Saturday, April 19, 2003
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Gideon Rose's latest essay in Slate discusses the Defense Department's current challenge for post-conflict situations. A key graf (you should really read the whole thing):
This challenge is particularly acute if the administration wants to minimize the UN's role in postwar Iraq.
Will the DOD rise to the challenge? Signals are very mixed. On the one hand, there's this Chicago Tribune report from today:
On the other hand, there's this Chicago Tribune report from four days ago:
To be fair to Rumsfeld, he's fighting a deep antipathy among the service branches to functions other than warfighting (click here for more background).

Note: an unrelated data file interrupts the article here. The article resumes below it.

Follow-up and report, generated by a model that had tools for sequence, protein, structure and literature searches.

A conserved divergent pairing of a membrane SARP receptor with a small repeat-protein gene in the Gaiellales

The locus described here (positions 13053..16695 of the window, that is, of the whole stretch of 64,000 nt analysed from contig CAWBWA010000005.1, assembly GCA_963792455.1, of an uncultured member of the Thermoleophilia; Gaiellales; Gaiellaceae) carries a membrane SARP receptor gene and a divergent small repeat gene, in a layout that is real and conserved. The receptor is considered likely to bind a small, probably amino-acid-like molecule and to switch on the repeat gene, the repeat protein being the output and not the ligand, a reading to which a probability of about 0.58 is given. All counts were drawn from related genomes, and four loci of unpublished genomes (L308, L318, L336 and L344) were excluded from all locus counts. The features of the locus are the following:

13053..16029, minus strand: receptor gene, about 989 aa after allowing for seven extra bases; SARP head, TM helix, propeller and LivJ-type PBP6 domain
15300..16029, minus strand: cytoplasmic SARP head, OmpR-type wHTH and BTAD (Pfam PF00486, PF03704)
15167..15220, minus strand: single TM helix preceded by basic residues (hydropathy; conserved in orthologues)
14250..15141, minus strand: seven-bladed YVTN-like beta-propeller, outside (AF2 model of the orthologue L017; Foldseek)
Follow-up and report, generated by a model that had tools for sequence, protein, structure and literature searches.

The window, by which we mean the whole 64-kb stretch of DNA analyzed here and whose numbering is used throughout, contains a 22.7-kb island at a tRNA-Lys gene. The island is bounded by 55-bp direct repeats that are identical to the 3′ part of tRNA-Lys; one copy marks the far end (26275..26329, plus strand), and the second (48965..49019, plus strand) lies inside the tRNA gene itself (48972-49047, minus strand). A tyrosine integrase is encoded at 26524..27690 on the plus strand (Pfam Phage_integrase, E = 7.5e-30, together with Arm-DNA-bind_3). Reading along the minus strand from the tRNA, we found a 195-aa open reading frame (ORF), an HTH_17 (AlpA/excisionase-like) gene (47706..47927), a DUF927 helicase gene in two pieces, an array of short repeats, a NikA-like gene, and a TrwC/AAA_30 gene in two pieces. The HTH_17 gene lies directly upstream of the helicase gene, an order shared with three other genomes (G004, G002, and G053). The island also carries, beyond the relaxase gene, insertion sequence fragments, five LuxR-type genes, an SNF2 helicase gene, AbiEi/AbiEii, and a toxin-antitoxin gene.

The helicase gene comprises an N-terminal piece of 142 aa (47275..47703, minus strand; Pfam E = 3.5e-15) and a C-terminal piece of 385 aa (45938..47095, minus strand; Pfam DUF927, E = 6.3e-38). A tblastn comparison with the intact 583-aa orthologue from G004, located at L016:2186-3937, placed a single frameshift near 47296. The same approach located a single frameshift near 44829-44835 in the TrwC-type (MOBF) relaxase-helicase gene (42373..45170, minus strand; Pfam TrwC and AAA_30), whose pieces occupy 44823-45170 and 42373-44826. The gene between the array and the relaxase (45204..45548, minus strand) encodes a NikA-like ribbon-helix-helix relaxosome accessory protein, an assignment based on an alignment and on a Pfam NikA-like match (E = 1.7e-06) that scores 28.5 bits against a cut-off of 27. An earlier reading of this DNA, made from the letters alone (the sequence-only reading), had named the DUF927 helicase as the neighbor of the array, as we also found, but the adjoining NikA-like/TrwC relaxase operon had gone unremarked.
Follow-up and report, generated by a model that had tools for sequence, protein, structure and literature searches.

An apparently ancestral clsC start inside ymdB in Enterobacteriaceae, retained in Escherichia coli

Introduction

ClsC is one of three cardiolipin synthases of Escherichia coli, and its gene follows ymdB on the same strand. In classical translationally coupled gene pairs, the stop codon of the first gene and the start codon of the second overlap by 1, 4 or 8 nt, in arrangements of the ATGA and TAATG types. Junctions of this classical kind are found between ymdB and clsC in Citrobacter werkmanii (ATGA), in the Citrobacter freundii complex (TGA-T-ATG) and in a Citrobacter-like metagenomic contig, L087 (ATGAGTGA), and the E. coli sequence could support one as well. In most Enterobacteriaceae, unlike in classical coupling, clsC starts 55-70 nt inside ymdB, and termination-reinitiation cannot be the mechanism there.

Rumsfeld, and the rest of the Bush administration's foreign policy team, face a clear choice. It can outsource peacekeeping functions to the United Nations or close allies, at the cost of some constraints on foreign policy implementation. It can minimize the U.N. role and develop/train its own peacekeeping force. Or it can do neither and run into trouble down the road.
Developing....posted by Dan on 04.19.03 at 04:34 PM
I've been watching news closely since the onslaught of Iraq's rape and invasion, yet this piece of news escaped me. Does anyone know that this happened besides the ten people that lost their jobs?
How can such a deliberately impaired decision pass without notice?
What a pitiful shame.posted by: freakyhorseface on 04.19.03 at 04:34 PM [permalink]
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